Certainly you’ve experienced it before: you find a good deal online and decide to make the purchase only to discover later on in the buying process that there are additional undisclosed fees. The price you thought you were paying isn’t the real price. But now you’ve invested time into the purchase. Maybe you’ve provided your email address, or even your credit card information. You’ve been duped by hidden fees.
People are fed up with hidden fees. Thankfully, California lawmakers have gotten the message and are making efforts to address this unfair and deceptive business practice. On February 14th, California Attorney General Rob Bonta introduced the Senate Bill 478 (SB 478). Right now, SB 478 is just a proposedpiece of legislation. But if it passes in the California Senate, SB 478 will prohibit businesses from hiding mandatory fees when advertising the prices of their products online.
The use of hidden fees gives a business an unfair advantage over their more transparent competitors. More importantly, the use of hidden fees is highly unfair to consumers who are trying to make purchase decisions based on price and who don’t want to give personal information and credit card details to companies they ultimately are not going to buy from.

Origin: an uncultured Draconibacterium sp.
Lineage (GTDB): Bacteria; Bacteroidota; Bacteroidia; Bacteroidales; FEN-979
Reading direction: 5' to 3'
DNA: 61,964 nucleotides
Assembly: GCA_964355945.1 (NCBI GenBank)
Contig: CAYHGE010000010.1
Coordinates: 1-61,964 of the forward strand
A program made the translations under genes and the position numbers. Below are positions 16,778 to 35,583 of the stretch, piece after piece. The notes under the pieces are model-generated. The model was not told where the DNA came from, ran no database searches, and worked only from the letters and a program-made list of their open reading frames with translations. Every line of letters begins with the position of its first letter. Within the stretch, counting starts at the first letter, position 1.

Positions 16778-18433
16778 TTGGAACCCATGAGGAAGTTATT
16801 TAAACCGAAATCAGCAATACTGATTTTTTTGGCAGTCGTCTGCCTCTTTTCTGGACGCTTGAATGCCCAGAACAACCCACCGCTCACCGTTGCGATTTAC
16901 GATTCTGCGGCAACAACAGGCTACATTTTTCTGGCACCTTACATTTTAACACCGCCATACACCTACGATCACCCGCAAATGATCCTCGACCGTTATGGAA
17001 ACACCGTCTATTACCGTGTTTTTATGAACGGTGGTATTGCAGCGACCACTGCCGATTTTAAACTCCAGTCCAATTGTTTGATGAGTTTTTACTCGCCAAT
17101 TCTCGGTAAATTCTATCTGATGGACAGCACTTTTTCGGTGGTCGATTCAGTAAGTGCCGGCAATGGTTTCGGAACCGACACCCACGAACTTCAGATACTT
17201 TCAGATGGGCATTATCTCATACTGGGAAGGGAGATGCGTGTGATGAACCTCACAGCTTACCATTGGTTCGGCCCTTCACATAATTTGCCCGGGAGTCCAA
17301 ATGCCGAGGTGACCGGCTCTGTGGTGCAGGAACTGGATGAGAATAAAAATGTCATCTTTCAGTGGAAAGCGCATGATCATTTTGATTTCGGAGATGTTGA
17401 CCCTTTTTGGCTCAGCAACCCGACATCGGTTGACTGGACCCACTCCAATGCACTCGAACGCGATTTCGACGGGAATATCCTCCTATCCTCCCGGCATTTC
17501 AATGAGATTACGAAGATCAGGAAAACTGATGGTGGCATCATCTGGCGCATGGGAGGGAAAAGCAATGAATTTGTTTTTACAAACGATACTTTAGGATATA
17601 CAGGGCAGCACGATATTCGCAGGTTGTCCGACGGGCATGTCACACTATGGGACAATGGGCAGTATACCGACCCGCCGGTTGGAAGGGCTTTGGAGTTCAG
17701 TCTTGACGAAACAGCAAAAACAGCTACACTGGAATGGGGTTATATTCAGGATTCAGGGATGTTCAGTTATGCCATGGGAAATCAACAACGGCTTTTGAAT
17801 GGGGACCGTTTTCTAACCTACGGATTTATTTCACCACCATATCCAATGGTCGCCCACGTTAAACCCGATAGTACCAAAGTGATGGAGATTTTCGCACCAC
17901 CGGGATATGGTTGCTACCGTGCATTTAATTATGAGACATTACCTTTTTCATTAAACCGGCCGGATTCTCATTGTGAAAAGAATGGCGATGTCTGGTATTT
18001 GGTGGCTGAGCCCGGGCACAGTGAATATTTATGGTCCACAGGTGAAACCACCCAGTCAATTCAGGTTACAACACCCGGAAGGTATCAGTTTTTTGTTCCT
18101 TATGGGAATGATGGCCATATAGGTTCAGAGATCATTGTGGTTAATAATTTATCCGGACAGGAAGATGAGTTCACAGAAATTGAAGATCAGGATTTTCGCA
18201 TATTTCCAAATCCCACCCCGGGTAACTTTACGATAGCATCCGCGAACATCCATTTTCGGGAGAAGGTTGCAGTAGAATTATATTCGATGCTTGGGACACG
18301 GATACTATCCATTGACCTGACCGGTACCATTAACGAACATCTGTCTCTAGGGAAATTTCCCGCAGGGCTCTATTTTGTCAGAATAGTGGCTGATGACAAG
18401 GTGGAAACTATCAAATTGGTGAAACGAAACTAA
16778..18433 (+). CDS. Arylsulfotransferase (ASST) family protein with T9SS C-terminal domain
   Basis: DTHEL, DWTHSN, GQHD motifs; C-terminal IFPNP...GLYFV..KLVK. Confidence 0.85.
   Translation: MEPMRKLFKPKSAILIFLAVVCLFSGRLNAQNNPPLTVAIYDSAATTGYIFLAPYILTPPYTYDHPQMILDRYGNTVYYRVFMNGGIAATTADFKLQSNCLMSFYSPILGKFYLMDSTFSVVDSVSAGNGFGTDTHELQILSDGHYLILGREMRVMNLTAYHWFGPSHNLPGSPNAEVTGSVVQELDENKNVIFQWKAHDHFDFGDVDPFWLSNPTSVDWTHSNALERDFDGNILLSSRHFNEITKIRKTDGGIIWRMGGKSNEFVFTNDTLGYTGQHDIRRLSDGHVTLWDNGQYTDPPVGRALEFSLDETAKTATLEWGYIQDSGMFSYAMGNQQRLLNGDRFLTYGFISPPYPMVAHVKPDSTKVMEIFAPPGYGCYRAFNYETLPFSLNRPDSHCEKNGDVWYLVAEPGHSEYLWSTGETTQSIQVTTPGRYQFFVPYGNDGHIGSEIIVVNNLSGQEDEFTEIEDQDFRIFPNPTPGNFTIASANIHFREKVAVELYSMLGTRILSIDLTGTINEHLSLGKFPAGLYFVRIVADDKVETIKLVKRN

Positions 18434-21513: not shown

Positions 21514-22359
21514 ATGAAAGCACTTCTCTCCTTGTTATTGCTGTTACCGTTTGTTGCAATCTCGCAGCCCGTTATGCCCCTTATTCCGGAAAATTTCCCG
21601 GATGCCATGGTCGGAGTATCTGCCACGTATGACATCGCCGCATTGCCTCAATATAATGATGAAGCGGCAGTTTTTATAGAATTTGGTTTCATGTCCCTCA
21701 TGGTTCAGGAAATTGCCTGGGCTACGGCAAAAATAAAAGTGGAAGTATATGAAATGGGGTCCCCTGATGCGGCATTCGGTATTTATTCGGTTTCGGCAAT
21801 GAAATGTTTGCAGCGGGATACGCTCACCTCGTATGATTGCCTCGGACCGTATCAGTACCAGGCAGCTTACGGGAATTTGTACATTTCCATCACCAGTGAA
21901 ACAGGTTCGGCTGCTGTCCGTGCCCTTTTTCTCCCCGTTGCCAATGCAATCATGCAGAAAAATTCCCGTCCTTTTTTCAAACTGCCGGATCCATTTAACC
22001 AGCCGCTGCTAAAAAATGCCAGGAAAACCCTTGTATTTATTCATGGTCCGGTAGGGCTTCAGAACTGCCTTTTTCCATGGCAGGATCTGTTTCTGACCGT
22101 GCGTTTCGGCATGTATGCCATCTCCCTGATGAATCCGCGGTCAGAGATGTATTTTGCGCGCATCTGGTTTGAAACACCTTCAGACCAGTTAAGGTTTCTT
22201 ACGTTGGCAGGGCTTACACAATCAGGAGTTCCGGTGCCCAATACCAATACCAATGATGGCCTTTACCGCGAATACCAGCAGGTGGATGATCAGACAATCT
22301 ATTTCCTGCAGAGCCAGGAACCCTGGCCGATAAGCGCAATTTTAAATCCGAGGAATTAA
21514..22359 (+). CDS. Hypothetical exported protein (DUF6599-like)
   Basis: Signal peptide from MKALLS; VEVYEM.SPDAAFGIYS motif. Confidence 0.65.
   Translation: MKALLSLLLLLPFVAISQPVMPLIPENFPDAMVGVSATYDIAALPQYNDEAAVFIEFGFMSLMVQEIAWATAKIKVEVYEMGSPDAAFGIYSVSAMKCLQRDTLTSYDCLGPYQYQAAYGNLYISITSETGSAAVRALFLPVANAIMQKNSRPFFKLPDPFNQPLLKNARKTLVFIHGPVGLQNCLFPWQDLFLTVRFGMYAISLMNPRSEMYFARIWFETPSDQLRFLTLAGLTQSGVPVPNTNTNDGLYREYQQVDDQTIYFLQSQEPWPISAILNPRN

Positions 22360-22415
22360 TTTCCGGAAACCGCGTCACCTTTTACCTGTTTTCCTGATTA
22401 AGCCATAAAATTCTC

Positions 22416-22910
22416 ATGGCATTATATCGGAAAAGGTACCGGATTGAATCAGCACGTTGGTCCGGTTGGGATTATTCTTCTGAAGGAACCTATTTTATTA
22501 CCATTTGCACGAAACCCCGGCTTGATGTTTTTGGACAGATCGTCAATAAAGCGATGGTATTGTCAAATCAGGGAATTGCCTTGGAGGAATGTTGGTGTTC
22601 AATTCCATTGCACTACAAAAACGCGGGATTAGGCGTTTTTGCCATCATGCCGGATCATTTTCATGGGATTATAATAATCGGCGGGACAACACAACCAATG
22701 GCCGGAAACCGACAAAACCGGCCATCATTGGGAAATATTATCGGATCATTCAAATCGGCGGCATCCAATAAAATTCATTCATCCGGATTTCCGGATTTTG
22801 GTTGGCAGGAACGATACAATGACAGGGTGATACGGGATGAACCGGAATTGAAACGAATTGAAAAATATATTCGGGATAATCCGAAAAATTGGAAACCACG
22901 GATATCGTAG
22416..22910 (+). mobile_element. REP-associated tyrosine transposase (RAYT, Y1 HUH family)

SB 478 is the first bill of its kind. If passed, it will prohibit a business from advertising a price for a good or service that does not include all required charges with the exception of government imposed taxes and fee.
Attorney General Rob Bonta explained when announcing the bill:
“Unfortunately, from car rental and hotel fees to concert ticket service charges, these hidden costs have been normalized in the purchasing process. Today’s legislation seeks to hold businesses accountable for their deceptive and misleading practices at the expense of the financial security of millions of Californians. My office will continue to work tirelessly to ensure an equal, level playing field and demand transparency across the board for the protection of California consumers.”
As a law firm that prides itself on protecting the rights of the individual, we fully support Attorney General Bonta’s efforts to pass SB 478 and we hope the bill is approved in the State Senate. The full text of the bill can be viewed here.